-2012 NPC Illinois State Heavyweight and Overall Champion

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            • #7
              I'm actually a Oral/Maxillofacial surgery resident. We perform these surgeries quite frequently, especially at our insitution. The surgery is referred to a maxillo-mandibular advancement. It involves fracturing your upper jaw from your skull base and moving it forward approximately 6-10mm. As well as spliting the mandible in and telescoping that forward as well. They are then fixated with titatium plates and screws. The surgery has a success rate of approx. 98% if the apnea is due to decreaed posterior airway space. We do them weekly here. It usually requires a 2-3 day hospital stay and takes around 6 weeks for the bones to heal and to return to a normal diet.
              Any other questions let me know. Or if you need help looking for a good surgeon I can give you some tips.
              On a side note my sister is a respiratory therapist in a sleep lab and she has also seen great success with this surgery.

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              • #8
                I have extreme sleep apnea as well, I am actually going to talk about the surgery on the 30th with an ENT specialist.

                I had my dentist actually make me a snore guard, much like a retainer but it pulls your lower jaw forward a few cm. Helps out a little bit to the point where its worth checking out but doesnt solve the problem by a long shot.
                5'10 250

                Training at metroflex, looking for a training partner. PM me.

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                • #9
                  Cool i will continue to look into such devices. I have to find a dentist anyways so i'll see what my insurance will cover.

                  Keep up posted if you don't mind about your possible surgery.

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                  • #10
                    You may just have to have the machine adjusted to either a higher or lower flow of air. Also do you use a humidifier on your machine? I know that makes a world of difference to me. You may just have to switch to a different mask too. I can't stand the full face ones, so I use one just for nasal breathing. its real trial and error, and surgery sounds iffy at best.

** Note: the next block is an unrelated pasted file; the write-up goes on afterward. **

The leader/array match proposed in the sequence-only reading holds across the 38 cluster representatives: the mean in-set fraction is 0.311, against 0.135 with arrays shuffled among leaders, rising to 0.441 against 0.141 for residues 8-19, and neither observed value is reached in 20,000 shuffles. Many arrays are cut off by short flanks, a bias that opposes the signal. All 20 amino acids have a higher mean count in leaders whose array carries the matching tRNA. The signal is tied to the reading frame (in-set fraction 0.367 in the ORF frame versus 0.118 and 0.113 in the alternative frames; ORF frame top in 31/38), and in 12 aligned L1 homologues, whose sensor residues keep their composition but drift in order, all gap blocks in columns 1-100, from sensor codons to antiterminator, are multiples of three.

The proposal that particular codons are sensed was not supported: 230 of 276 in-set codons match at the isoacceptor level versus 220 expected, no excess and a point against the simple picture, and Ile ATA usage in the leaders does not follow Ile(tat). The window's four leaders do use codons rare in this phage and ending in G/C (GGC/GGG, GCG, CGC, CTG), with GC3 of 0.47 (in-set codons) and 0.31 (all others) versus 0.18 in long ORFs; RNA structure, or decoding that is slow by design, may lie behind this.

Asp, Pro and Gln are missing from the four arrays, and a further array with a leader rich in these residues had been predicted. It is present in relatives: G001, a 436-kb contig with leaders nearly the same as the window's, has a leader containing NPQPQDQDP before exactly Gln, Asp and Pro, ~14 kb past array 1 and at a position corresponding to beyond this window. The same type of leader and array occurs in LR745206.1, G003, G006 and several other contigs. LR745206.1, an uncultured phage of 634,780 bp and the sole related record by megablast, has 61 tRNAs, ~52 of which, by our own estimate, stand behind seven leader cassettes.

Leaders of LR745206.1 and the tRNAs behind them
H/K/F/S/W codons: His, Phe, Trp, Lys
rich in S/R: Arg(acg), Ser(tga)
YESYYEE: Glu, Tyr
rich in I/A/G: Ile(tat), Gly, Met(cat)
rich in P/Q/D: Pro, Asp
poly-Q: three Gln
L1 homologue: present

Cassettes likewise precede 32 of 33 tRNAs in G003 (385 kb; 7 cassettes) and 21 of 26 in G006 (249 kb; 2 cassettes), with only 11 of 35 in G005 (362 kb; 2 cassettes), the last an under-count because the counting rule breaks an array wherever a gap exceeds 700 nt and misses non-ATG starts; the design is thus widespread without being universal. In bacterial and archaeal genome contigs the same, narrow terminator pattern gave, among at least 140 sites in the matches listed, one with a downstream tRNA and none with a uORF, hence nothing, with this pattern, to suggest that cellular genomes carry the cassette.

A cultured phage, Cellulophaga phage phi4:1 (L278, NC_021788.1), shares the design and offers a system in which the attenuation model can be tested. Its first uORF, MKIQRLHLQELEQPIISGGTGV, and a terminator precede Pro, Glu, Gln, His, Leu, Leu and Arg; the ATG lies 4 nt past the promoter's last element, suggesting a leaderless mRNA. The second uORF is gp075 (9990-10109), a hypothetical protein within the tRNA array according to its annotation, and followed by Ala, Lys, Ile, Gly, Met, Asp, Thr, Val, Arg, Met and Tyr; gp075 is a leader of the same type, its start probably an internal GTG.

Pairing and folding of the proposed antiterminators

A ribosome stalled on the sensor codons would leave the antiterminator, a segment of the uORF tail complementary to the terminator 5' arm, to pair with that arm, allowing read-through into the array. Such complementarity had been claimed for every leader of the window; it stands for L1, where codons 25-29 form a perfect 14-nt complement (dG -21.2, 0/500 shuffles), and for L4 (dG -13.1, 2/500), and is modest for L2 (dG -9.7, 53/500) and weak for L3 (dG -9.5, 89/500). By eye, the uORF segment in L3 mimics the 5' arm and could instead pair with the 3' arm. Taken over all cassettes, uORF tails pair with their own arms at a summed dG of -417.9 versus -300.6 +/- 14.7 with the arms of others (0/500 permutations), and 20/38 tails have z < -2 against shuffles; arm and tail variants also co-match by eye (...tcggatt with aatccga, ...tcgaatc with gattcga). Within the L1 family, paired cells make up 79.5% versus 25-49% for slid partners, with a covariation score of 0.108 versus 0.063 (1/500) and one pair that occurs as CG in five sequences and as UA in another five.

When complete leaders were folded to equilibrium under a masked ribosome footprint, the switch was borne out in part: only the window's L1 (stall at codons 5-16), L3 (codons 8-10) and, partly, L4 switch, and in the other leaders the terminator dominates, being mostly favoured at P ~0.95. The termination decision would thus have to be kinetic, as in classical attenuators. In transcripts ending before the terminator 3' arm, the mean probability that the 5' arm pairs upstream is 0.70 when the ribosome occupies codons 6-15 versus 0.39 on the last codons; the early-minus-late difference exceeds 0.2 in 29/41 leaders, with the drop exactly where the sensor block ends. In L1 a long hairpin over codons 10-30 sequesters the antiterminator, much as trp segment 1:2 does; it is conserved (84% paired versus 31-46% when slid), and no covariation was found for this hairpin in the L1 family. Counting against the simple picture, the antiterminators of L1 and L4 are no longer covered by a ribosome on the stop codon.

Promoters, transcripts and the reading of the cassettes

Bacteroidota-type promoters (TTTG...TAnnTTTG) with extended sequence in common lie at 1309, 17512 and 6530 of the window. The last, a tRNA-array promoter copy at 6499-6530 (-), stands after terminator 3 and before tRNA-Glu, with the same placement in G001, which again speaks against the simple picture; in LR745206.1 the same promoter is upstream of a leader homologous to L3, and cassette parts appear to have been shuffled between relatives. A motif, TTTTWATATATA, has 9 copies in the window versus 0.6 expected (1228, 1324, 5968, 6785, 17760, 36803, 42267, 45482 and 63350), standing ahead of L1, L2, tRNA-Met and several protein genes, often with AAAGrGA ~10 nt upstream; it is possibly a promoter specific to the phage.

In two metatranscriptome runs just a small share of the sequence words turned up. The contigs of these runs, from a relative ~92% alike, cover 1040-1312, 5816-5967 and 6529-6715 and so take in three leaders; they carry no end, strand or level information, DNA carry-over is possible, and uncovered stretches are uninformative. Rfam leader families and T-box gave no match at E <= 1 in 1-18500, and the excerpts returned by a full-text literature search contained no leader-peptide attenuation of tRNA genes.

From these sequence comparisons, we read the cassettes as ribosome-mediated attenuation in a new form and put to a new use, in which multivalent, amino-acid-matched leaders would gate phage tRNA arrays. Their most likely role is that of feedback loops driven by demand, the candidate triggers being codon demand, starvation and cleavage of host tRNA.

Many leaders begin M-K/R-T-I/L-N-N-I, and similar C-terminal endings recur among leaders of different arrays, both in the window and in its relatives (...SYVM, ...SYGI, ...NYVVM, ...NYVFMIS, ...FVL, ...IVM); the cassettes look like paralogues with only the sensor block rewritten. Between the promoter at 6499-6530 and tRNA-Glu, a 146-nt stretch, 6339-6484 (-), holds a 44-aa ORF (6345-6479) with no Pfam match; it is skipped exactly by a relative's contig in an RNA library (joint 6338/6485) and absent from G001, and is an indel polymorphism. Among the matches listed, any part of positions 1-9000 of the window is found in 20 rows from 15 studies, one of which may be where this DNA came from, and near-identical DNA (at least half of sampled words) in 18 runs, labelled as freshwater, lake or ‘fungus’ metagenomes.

“War is peace.
                    Freedom is slavery.
                    Ignorance is strength.”
                    ― George Orwell

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                    • #11
                      I was diagnosed in 2003 and have a cpap since then, I am going for a new sleep study and Doc is going to switch me to the apap I believe it called. One is positived pressure at 12psi and the other goes along with your inhale and exhale..
                      www.NJBodybuilding.com www.NPCNewJersey.com

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                      • #12
                        Im pretty sure I have this too. How much does the surgery cost (total cost including hospital stay and everything) ? Somewhere I heard it could be like 30 grand is that true?

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                        • #13
                          Jrlight I also had SEVERE Sleep Apnea and had the surgery last October, where the Dr. trimmed my palate, performed deviated septum surgery, as well as drain my sinuses. I had the surgery because I could not sleep with that CRAP(CPAP)machine. I have to say that was by far the most PAINFUL SURGERY that I have ever had, and just to let you know I have had 8 Orthopedic Surgerys since 1994 the last one I had my neck fused. If I were you I would try to loose some weight which may help, leave the surgery for the LAST Option. I still snore, not as much and every now and then I gasp for air, not as bad as before the surgery.

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                          • #14
                            I had a UPPP done in 1997 after terrible apnea. my sleep study was interesting....
                            I still had my tonsils at the time, so they took my tonsils, uvula and a throat lift.

                            http://en.wikipedia.org/wiki/UPPP
                            www.bodybybryan.org

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                            • #15
                              and, I still have no apnic issues to this day.
                              www.bodybybryan.org